45% of Employers Search Social Networks To Screen Job Candidates

According to a recent survey conducted by CareerBuilder, 45% of employers reported using social networks to screen prospective job candidates. This is a significant jump from 22 percent last year. Approximately 11 percent stated that they plan to start using social networks to research potential employees in the future.

Over 2,600 hiring managers were included in the survey, which was completed in June.

Of the employers who do online searches, due diligence and background checks on job candidates, 29% use Facebook, 26% use LinkedIn and 21% use MySpace. About 11% search blog posts and 7% search Twitter profiles.

No suprisingly, the top industries that use social networks and search engines to research job candidates via social networking sites are those that specialize in technology and sensitive information, including IT employers at 63% and Professional and B2B Services at 53%.

Over one third of employers say they have found online content on social networks that caused them not to hire a job candidate.

14% of employers have passed on a potential employee because the job candidate sent an online message using an emoticon and 16% report excluding a job candidate for using shorthand text language such as LOL in an email or application.

In addition, 18% of employers say they have found content on social network profiles that caused them to hire a job candidate.

Rosemary Haefner is Vice President of Human Resources at CareerBuilder and advises job seekers that: “Social networking is a great way to make connections with potential job opportunities and promote your personal brand across the Internet. Make sure you are using this resource to your advantage by conveying a professional image and underscoring your qualifications.”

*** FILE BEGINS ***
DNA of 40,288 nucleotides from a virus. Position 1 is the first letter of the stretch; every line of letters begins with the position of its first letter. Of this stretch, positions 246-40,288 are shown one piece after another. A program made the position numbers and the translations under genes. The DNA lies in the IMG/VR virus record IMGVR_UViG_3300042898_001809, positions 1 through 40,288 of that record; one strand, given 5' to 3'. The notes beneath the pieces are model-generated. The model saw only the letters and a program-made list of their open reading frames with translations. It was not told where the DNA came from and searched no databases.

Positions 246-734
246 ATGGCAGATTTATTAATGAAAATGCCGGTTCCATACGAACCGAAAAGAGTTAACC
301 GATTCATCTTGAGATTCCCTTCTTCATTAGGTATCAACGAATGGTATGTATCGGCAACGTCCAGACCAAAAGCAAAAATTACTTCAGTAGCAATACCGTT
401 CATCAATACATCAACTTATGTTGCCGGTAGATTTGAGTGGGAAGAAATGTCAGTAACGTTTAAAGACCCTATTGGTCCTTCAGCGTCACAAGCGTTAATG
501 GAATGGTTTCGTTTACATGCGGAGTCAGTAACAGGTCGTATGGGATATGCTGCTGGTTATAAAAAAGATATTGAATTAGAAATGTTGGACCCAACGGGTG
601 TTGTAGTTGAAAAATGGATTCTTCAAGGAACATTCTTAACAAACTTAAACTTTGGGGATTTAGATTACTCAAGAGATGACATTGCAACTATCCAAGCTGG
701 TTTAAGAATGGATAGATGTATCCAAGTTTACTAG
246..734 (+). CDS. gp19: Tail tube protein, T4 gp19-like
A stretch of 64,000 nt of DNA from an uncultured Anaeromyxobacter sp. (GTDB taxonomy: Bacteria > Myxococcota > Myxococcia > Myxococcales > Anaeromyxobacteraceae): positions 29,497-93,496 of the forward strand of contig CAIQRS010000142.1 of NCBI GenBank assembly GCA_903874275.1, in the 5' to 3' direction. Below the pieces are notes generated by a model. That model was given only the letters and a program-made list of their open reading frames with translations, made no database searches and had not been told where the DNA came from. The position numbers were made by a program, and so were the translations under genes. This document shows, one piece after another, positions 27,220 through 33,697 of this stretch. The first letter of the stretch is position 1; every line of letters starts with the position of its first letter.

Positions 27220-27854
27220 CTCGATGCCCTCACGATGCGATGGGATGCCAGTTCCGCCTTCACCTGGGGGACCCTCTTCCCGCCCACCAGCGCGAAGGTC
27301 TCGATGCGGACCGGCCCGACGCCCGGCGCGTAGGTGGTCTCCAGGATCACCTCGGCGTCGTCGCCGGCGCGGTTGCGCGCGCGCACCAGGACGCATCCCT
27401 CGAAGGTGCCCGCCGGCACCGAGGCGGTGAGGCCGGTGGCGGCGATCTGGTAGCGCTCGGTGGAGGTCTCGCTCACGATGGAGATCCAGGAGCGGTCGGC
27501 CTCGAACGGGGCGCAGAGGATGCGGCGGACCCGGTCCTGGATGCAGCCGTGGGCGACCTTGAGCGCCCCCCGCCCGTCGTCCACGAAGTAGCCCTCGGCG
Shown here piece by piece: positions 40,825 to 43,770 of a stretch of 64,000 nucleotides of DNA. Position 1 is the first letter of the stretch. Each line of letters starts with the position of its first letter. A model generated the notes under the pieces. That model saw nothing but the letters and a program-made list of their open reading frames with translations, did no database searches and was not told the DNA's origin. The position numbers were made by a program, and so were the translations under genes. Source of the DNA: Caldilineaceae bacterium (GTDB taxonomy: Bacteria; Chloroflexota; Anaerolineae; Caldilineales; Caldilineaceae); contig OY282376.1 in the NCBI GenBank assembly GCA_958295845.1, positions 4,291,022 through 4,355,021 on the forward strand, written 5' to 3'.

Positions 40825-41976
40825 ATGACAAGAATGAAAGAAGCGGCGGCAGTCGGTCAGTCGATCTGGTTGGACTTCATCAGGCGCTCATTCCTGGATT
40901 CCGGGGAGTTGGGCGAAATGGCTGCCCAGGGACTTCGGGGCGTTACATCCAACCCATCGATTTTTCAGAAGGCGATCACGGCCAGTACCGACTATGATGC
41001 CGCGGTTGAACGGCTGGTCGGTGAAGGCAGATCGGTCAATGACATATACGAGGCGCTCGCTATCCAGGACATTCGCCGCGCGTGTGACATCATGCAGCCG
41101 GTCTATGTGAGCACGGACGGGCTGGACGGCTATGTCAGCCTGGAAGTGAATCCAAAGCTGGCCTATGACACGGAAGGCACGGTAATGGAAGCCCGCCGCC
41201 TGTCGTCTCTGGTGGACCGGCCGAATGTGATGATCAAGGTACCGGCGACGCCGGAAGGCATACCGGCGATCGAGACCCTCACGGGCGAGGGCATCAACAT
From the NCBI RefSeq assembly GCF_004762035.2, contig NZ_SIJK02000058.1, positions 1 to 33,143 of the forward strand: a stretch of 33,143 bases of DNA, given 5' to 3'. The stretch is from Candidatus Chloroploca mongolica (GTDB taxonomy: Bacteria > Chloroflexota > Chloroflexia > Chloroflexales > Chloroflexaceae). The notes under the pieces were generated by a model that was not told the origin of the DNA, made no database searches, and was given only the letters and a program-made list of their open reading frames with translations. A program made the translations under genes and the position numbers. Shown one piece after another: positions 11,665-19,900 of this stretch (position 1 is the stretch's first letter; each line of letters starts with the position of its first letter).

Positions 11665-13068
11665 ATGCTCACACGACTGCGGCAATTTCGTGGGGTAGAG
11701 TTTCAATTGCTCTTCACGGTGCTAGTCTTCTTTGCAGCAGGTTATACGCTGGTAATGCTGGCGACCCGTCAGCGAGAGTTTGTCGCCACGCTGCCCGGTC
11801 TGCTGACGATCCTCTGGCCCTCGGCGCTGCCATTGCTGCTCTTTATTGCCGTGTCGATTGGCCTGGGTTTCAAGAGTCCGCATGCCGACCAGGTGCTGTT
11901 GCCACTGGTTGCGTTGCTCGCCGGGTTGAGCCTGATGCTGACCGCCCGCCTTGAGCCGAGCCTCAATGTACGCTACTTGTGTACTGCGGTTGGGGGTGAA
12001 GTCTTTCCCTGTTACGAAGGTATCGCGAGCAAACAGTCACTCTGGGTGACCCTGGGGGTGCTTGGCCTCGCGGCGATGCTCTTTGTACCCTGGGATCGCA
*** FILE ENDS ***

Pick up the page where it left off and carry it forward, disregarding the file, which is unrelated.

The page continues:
Rosemary gives the following specific advice for people seeking jobs —–

1. Clean up digital dirt BEFORE you begin your job search. Remove any photos, content and links that can work against you in an employer’s eyes.

2. Consider creating your own professional group on sites like Facebook or BrightFuse.com to establish relationships with thought leaders, recruiters and potential referrals.

3. Keep gripes offline. Keep the content focused on the positive, whether that relates to professional or personal information. Makes sure to highlight specific accomplishments inside and outside of work.

4. Remember that other people can see your friends, so be selective about who you accept as friends. Monitor comments made by others. Consider using the “block comments” feature or setting your profile to “private” so only designated friends can view it.

5. Do not mention your job search if you’re still employed.

Source: MarketWatch.com